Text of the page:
People

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Walter Cottingham - President Sherwin-Williams

9717 Lake Shore Boulevard
Walter Horace Cottingham
Walter Horace Cottingham

Walter Cottingham succeeded Henry Sherwin as president of Sherwin-Williams upon Sherwin’s retirement in 1909. Edward Williams had died in 1903.

In 1887, a 21-year-old Walter Cottingham went from his home in Ontario, Canada to Montreal and began making gold paint. He organized his business after four years into the Walter H. Cottingham & Company. In a year or two, he secured the Canadian agency of the Sherwin- Williams & Company and then formed his own company to manufacture their products in Canada.

Several years later he engineered a merger between his own company and the Sherwin- Williams & Company and eventually went Cleveland in 1906 to become general manager of the consolidated company. He rose to vice president and in 1908, was elected president and general manager in 1909 serving in that capacity until he retired in 1922 and became the board chairman until his death.

Cottingham was a director of the Cleveland Box Co., Ozark Smelting Co., and the Cleveland Trust Company. He was chairman of the board of Lewis Berger & Sons, Ltd., London.

Walter Horace Cottingham was born in Ontario, Canada on January 8, 1866, to William and Lucy Cottingham. His mother died when he was six years old and his father only lived another two years, leaving no money for his children. Walter lived with relatives and the early age of fifteen, he began as a clerk in a hardware store in Peterboro, Ontario.

Walter married Gertrude E. Bennett on May 22, 1888, in Montreal. Gertrude was born in 1867. They had two sons and two daughters: Gladys (Dangler), born in 1890, and Gertrude Joyce (Allen), born on May 17, 1891.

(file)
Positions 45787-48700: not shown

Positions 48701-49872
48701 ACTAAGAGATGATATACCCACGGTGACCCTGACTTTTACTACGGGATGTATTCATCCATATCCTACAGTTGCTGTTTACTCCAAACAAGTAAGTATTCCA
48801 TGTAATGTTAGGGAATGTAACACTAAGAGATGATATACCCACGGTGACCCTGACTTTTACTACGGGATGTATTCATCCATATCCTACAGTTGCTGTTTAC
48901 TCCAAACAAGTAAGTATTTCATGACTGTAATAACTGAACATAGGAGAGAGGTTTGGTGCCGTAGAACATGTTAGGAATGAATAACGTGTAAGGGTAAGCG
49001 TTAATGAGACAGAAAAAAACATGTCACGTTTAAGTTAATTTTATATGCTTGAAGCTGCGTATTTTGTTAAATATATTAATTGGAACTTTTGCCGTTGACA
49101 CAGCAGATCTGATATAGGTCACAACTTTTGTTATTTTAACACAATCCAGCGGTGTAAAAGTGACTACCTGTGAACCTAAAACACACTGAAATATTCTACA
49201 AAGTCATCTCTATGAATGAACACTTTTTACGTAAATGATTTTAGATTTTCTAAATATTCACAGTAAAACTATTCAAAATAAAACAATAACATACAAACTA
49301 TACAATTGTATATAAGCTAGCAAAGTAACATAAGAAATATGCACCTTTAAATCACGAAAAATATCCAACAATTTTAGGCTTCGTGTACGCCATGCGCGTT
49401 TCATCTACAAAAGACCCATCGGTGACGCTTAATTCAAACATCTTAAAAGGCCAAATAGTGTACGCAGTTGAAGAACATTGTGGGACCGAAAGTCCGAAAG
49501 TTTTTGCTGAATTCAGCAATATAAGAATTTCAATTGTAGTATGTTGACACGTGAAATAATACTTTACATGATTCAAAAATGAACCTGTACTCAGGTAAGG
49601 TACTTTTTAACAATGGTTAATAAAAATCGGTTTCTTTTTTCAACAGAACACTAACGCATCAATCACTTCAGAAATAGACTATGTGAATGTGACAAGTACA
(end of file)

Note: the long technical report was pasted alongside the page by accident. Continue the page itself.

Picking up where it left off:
During World War I, when troop trains stopped at the Glenville station, soldiers were invited to walk to his estate to enjoy a canteen operated by him and his neighbors. The soldiers could also take a dip in Lake Erie, a welcome relief from the long hours on the train.

Walter believed there was no way a man could be of higher public service than by running a legitimate and successful business. He was the author of many business books published in America and England that sold in every country in the world. He was known for authoring may quotations. His favorite being, “A dead fish can float with the stream, but it takes a live one to swim against it.” Another was, “Intelligence without ambition is like a bird without wings.”

Cottingham was a member of Chagrin Valley Hunt, Country, Mayfield, and Union clubs; Maurice Fish and Game Slug, Canada; and Phyllis Court Club, Henley on Thames, England.

Gertrude died on May 26, 1918, and was buried in Lake View Cemetery. Walter died on March 12, 1930, in London, Queensland, Australia.